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Capsicums & Chillies

Selection and storage

Select capsicums and chillies that are deeply coloured and free of wrinkles, soft spots or other indications of age or decay. Shape or size is not usually an indicator of quality. All capsicums are green when young, changing to red and orange as they mature. All capisicums are edible, regardless of colour, more mature capsicums are sweeter. Capsicums are also known sweet peppers, bell peppers, chillies, pimiento, peperoni (Italian) and poivrons (French). Paprika is made from ground dried capsicum. The spiciness level of a pepper is expressed in Scoville units, a measure of the capsaicin content in the pepper, which is perceived as “heat” by the human palate. The heat range of individual peppers can vary dramatically because it is affected by both the variety and growing conditions. Store in the crisper section of the refrigerator.


Capsicum and chillies are available all year round but are most abundant during the summer months.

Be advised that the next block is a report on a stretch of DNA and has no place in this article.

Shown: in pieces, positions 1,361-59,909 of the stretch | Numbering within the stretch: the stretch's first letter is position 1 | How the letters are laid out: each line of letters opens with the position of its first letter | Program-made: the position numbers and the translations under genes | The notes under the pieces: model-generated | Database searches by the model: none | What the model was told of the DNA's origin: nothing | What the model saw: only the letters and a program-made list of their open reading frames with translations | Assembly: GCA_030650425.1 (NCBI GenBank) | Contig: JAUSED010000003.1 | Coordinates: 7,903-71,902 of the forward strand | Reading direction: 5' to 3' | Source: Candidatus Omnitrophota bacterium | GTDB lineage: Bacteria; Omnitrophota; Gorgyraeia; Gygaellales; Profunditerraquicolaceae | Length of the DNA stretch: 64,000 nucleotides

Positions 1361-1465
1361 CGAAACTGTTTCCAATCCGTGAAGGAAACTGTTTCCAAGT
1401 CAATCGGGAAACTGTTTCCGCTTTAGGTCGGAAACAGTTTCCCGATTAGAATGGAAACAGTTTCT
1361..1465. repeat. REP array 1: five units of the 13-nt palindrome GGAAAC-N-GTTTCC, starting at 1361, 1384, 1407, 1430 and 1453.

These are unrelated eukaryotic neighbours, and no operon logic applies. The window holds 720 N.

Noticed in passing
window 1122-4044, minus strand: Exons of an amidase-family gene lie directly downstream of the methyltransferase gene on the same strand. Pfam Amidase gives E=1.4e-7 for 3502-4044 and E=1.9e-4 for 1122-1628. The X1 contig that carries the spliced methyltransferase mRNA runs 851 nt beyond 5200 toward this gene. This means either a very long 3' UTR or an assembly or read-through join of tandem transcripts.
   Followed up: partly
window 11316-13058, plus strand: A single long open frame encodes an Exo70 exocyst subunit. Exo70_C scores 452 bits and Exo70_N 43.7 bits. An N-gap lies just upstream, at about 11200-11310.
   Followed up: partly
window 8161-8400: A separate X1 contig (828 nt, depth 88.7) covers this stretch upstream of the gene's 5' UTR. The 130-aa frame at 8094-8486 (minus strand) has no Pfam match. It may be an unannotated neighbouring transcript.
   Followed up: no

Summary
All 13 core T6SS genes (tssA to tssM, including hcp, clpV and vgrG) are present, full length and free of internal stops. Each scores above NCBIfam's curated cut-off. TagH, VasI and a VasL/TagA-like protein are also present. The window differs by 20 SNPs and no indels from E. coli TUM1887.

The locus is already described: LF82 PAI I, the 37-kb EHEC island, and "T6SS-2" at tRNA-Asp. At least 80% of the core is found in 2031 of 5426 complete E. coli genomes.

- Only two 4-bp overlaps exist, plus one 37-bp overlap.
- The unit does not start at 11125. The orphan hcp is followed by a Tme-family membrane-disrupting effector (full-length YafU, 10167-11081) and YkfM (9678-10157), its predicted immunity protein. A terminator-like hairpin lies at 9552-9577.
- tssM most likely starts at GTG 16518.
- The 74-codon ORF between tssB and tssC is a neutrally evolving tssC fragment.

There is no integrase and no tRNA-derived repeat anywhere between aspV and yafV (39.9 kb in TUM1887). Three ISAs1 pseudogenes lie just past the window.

Remove seeds from capsicums before use as the seeds can be bitter. Chillies can be used with or without seeds, using the seeds leaving means the chilli is hotter. Capsicums are good with tomatoes, eggplant, onion, garlic, capers, anchovies and olives. Chillies are good with tomatoes, ginger, garlic, fish sauce, coriander, cumin, coconut and lime juice.

Nutrition Information

Capsicums are an excellent source of vitamins C, A and K, a good source of vitamin B6 and are low in calories. Chilli’s are very high in vitamins C and A. They are also known for clearing sinuses when eaten (especially the very hot ones) and may help to improve circulation. Capsaicin is also known for relieving inflammation caused by arthritis when applied topically in a cream.

Types of Capsicums & Chillies

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